16. 16. A total of nine million new cases and approximately two million deaths from TB were reported in 2004 Although the African region has the highest estimated incidence (356 per 100,000 pop ulation per year) the majority of patients with TB live in the most populous countries of the Asian subc ontinent
  17. 17. TB pleural effusions can manifest as primary or reacti vated disease. is considered the initial event in the pathogenesis of primary TB pleural effusions. •predominantly from: increased capillary permeability and •secondarily from: impairment of lymphatic clearance of p roteins and fluid from the pleural space. because of occlusion of pleural stomata
  18. 18. The definitive diagnosis of TB pleural effusions depends: demonstration of M tuberculosis in:  sputum pleural fluid pleural biopsy specimens. others: demonstration of classical TB granulomas in the pleura and elevated adenosine deaminase (ADA) IFN-_ levels in pleural fluid.
  19. 19. patients with pleur al TB without conc omitant pulmonary disease. Are: sputum negative a nd Therefore: no contagious. Positive: evidence in the diagnosis of TB pleural effusions in areas of low prevalence. Negative: could result from the following: anergy secondary to immunosuppression  recent infection; sequestration of purified protein derivative-reactive T-lymphocyte in pleural space.
  20. 20. • A TB pleural effusion is typically clear and straw colored • it can be turbid or serosanguinous • Pleural fluid pH is usually between 7.30 - 7.40 Pleural Fluid Examination • in patients with HIV coinfection, the yield of pleural fluid microscopy is 20% • Culture requires a minimum of 10 to 100 viable bacilli Pleural Fluid Smear and Culture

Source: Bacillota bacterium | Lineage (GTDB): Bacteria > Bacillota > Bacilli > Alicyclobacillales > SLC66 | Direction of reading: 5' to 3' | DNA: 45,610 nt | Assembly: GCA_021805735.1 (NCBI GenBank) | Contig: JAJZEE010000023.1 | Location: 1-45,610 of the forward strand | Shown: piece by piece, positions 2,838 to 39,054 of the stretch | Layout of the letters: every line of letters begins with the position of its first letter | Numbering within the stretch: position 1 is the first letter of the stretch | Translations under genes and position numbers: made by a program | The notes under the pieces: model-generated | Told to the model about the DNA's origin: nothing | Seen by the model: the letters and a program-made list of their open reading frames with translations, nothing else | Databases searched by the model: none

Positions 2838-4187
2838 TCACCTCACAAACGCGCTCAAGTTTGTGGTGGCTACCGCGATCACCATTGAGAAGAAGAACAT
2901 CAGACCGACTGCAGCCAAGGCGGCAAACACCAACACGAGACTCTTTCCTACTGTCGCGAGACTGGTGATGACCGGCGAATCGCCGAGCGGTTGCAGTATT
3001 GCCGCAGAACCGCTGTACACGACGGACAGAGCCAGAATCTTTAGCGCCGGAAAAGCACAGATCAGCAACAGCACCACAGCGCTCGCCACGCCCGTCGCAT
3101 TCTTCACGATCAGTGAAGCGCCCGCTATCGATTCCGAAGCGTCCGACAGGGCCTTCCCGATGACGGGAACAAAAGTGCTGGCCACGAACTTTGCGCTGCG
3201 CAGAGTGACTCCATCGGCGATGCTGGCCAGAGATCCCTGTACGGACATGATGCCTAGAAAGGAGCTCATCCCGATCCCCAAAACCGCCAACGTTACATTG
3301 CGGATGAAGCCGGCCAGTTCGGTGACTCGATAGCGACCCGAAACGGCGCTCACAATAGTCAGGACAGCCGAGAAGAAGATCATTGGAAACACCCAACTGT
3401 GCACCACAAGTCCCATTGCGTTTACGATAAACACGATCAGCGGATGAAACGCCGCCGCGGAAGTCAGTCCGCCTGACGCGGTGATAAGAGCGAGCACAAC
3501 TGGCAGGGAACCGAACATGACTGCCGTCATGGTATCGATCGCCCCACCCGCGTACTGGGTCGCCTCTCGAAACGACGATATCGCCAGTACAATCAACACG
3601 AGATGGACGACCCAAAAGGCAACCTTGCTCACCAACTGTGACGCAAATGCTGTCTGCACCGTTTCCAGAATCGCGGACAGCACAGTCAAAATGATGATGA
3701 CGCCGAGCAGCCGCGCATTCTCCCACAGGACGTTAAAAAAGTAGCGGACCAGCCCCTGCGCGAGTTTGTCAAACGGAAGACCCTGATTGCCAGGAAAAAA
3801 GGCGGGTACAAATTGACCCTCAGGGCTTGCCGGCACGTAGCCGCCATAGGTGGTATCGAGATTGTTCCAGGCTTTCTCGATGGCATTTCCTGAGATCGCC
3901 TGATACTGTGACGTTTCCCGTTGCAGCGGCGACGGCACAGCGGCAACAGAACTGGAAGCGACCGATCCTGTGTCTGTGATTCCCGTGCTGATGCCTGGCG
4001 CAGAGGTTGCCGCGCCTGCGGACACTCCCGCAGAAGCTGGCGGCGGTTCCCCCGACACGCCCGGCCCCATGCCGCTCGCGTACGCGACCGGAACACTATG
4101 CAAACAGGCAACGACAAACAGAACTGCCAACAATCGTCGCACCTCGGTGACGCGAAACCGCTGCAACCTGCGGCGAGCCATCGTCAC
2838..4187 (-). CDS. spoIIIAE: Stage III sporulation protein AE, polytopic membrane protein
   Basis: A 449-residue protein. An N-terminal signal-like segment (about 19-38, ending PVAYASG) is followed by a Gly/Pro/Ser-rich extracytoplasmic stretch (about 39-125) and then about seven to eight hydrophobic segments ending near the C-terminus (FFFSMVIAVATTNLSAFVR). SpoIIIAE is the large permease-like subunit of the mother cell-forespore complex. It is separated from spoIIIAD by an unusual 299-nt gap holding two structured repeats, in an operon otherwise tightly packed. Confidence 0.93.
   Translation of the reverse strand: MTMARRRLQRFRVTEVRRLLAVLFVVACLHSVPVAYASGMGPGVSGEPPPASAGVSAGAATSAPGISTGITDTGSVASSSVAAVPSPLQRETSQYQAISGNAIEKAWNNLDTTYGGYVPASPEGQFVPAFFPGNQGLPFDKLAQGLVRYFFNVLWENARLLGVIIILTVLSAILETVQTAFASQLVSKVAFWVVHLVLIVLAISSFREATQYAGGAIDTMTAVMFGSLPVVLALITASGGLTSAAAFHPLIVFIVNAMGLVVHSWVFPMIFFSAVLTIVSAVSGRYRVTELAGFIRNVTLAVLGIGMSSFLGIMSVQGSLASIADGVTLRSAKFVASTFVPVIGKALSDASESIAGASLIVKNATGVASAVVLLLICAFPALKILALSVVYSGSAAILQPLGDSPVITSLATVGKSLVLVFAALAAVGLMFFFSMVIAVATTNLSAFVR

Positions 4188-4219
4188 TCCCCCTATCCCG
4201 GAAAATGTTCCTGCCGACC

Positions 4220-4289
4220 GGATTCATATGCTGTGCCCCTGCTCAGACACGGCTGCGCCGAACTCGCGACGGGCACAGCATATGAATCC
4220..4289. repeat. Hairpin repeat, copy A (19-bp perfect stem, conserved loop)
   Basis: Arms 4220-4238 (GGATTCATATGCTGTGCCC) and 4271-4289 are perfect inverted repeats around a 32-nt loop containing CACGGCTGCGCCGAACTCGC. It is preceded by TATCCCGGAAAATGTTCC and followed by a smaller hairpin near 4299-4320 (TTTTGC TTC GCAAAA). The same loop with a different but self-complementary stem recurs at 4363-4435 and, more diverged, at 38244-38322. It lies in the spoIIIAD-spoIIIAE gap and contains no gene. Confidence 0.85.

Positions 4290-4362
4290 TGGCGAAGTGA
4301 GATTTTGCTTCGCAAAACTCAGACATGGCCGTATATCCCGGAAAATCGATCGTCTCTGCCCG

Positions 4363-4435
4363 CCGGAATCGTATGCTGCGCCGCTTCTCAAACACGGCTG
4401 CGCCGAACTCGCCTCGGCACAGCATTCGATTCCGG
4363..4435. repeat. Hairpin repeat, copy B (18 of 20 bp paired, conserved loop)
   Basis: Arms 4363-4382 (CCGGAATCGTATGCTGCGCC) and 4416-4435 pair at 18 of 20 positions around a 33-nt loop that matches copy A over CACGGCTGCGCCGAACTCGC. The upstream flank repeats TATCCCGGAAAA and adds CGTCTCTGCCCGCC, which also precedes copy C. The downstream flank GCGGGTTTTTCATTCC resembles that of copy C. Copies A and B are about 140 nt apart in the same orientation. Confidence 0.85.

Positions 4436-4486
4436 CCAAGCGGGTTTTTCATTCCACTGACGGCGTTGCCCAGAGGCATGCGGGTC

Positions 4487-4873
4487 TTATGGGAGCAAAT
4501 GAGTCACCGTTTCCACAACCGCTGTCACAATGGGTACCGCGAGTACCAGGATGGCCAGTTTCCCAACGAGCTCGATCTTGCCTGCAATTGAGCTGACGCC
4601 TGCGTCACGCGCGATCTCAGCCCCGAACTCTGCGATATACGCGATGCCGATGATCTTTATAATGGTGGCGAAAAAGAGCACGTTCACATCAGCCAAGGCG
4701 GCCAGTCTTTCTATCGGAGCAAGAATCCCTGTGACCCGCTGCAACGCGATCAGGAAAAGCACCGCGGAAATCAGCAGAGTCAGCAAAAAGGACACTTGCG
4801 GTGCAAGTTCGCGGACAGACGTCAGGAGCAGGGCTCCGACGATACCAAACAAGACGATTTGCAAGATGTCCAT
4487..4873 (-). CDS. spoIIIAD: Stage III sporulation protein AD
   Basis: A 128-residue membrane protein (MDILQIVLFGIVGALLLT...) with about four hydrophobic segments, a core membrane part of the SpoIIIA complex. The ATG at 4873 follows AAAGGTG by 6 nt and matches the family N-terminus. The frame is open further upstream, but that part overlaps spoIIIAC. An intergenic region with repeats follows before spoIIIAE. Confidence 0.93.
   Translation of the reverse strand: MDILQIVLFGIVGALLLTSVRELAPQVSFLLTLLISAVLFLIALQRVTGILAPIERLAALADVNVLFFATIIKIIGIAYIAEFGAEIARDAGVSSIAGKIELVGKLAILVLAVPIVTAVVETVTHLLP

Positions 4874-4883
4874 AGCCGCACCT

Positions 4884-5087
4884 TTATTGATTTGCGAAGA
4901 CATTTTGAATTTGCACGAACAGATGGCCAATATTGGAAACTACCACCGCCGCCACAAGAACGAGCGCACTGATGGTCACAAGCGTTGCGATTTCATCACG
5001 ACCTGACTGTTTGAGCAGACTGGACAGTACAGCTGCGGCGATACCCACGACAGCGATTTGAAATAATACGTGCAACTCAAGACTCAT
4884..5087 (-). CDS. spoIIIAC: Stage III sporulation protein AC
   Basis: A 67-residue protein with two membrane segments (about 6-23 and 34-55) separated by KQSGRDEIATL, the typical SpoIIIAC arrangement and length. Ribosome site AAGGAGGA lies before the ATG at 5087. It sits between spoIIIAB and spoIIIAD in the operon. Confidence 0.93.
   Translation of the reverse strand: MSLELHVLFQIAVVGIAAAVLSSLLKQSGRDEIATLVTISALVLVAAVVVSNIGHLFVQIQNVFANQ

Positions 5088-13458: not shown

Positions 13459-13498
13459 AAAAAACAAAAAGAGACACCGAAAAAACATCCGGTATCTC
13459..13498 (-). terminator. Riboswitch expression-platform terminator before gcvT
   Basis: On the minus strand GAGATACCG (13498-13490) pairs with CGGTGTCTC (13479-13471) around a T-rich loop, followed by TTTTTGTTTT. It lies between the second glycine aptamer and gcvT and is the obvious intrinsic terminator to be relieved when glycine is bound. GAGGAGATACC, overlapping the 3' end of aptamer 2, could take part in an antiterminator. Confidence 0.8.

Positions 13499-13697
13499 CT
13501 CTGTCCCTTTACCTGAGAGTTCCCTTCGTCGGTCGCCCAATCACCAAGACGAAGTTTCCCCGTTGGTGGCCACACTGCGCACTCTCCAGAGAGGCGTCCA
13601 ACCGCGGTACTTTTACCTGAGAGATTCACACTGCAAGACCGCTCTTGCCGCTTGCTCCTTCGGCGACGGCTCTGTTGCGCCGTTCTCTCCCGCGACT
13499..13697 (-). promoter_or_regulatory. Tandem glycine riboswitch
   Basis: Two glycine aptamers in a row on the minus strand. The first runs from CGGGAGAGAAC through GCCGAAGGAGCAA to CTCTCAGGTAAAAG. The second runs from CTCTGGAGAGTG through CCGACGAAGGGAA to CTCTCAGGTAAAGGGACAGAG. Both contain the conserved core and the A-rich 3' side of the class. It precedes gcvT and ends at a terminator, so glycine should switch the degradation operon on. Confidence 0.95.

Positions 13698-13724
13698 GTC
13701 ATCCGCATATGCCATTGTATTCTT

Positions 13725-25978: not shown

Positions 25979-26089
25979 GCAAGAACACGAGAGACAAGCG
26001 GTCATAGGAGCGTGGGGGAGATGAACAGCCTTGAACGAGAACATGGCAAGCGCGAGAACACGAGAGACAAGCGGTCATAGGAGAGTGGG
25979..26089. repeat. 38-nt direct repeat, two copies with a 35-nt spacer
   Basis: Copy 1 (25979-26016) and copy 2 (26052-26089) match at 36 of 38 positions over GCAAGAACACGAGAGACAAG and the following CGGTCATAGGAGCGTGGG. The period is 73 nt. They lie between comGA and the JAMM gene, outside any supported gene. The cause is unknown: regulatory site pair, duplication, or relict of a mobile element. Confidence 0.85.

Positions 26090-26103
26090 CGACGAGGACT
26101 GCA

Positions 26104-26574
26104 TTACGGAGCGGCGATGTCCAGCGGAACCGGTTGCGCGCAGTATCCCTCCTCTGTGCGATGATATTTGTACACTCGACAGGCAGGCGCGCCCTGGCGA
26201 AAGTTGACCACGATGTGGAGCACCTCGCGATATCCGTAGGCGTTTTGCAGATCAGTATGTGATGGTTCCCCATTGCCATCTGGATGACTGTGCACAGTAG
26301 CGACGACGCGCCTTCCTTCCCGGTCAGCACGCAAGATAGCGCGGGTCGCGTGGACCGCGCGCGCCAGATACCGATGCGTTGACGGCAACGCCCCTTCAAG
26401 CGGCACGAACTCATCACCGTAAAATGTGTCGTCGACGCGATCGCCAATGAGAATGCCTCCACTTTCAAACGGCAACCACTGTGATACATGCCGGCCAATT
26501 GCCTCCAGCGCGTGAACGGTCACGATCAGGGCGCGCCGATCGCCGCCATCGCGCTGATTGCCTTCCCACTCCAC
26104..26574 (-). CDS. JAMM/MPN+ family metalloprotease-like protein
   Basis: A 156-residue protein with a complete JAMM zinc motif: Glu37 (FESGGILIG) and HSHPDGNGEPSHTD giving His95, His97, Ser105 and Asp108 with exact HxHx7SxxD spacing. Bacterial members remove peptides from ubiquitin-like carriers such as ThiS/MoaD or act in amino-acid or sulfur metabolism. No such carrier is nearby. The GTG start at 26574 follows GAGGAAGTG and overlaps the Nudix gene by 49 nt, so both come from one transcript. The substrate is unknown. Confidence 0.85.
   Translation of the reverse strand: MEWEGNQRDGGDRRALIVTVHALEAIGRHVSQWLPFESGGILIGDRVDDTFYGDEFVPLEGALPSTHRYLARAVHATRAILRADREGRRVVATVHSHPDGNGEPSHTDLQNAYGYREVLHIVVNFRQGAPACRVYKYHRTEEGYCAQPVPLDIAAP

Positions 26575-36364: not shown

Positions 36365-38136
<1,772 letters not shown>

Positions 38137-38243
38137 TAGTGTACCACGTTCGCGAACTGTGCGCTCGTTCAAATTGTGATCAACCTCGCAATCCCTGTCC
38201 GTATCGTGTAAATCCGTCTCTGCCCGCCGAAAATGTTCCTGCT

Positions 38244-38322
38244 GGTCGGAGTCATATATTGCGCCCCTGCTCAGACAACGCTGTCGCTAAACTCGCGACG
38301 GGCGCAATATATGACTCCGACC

21. 21. • catalyzes the conversion of adenosine and deoxyadenosine to i nosine and deoxyinosine with the release of ammonia. • several studies have explored the usefulness of estimation of AD A activity in the diagnosis of TB pleural effusions pleural fluid ADA level 70 IU/L is highly suggesti ve of TB, while a level 40 IU/L virtually excludes t he diagnosis.
  22. 22. Produced by T-lymphocytes, Several studies have found elevated co ncentrations of INF in TB pleural effusions, which is related to increa sed production at the disease site by effector T cells.
  23. 23. Polymerase chain reaction (PCR) is based on amplification of mycobacterial DNA fragments. Advantages of PCR include rapid diagnosis, improved specificity and sensitivity, a nd no requirement of intact immunity.
  24. 24. The utilization of immunodiagnostics is hindered by its low sensitivity. The Table lists the details regarding various studies using immunologic markers in the diagnosis of TB pleural effusions. Further studies are required to address the clinical utility of these markers.
  25. 25. The patients with extensive or bilateral pleural effusions and sputum positivity are given treatment under category I (treated during intensive phase with four drugs: isoniazid, rifampin, pyrazinamide, and ethambutol for 2 months followed by continuation phase of 4 months with isoniazid and rifampin).
  26. 26. Corticosteroids through their antiinflammatory action may hasten fluid resorption and prevent pleural adhesions during healing. Three randomized trials have inves tigated the possible role of adjunctive oral corticosteroids in TB pleural effusion. A dose of 0.75 to 1 mg/kg/d was used for a period ranging from 4 to 12 weeks .
  27. 27. for yOur attentiOn!!!